The development of dichloro-diphenyl-trichloroethane (DDT) as the first residual insecticide in the early 1940s brought about a radical change in malaria control strategies. Killing indoor resting adult mosquitoes with insecticides sprayed on household walls had started in the 1930s using pyrethrum extracts, but had limited applicability because weekly applications were needed. DDT, which was first used against malaria by the US Army during World War II, required only semestrial or annual applications. This long residual effect meant that malaria control could be extended to large rural areas, although it needed a strong central organisation to handle the supply, transport, and distribution networks required for regular and correct application.

During the late 1940s and early 1950s, after numerous field trials, more and more national control programmes adopted DDT spraying. These programmes showed that transmission could be interrupted and that malaria did not necessarily return if spraying stopped [2],[3]. DDT appeared to be effective everywhere, making eradication of malaria a feasible objective. However, DDT's effectiveness against agricultural pests and household insects made prices soar, and its widespread application rapidly led to the first appearance of vector resistance to DDT in Greece in 1951 [4].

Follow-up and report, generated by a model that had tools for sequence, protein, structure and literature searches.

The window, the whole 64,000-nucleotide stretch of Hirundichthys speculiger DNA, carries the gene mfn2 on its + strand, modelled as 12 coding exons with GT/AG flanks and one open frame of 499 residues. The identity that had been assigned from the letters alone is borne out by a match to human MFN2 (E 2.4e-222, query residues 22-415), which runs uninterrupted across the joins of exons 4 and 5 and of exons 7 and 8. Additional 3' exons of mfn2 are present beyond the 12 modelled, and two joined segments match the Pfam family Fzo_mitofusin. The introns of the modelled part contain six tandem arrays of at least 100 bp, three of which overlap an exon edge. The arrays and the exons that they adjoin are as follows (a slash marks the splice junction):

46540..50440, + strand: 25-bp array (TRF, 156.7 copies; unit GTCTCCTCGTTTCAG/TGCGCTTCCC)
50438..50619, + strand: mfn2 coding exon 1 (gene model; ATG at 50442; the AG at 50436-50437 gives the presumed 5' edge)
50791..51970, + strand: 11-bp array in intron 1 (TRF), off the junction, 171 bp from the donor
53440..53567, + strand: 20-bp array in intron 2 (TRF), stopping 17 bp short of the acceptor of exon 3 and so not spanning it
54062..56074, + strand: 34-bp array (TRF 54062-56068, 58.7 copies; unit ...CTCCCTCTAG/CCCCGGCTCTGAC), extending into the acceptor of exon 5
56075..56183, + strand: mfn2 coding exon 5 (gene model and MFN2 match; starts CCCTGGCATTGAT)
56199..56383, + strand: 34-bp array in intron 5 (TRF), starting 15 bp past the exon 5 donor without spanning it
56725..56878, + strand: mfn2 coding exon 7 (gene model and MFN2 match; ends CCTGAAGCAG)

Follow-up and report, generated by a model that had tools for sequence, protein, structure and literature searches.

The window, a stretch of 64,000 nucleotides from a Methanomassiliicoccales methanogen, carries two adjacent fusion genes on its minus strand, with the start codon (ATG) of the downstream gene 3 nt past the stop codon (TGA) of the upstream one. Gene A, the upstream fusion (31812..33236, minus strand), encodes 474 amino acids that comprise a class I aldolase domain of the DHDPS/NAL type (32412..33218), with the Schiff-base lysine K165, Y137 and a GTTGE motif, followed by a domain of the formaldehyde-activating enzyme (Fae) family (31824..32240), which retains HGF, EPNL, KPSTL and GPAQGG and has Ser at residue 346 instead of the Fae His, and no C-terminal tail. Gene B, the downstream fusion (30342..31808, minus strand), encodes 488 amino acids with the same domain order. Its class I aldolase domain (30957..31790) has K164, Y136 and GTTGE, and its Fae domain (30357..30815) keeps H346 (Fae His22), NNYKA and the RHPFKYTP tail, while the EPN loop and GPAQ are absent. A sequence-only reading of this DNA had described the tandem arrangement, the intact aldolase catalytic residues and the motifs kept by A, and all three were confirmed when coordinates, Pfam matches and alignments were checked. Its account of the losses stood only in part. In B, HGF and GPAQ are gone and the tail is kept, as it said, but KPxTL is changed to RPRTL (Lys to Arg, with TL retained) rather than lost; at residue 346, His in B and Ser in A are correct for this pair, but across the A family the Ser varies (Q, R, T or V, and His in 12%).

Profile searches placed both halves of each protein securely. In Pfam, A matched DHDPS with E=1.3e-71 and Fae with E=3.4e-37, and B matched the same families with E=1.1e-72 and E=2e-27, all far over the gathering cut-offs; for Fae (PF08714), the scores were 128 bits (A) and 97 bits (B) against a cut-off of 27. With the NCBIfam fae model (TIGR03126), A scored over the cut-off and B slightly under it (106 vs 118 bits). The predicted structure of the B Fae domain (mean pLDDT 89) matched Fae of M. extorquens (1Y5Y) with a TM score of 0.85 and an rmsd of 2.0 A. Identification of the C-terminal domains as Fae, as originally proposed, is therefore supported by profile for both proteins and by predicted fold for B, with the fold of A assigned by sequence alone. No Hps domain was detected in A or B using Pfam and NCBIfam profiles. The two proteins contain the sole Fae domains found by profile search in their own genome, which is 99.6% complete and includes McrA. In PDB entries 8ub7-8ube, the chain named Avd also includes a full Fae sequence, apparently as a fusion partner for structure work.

In this context, it was felt that progress at a global level would require more than the slow recruitment of political support country by country. Rather, it would be necessary to mobilise political commitment at the UN level and gain the financial support of UN agencies and of the United States, where a strong lobby was formed to obtain funds for global malaria eradication [5]. Further support for a global eradication approach was provided during the 1950s by Macdonald's mathematical model, which highlighted the great superiority of increasing adult vector mortality over mere reduction in density [6][8]. Malaria eradication was also advocated for with economic and political arguments that shifted from the impact of malaria on the local economies, to its influence on the price of imported goods and the risk that malaria could “predispose a community to infection with political germs that can delay and destroy freedom” as stated by Paul Russell, the Rockefeller malariologist who defended the WHO malaria eradication proposal at the 8th World Health Assembly (WHA) [9].

The GMEP was approved by the 8th WHA in Mexico in 1955 [10]. WHO was given the mandate to provide technical advice and coordinate resources, but not to act as “directing and coordinating authority” as proposed in the draft resolution submitted by 28 countries [11]. The 1955 WHA resolution also established a Malaria Eradication Special Account to channel public and private contributions [10], which opened the hope of general availability of funds.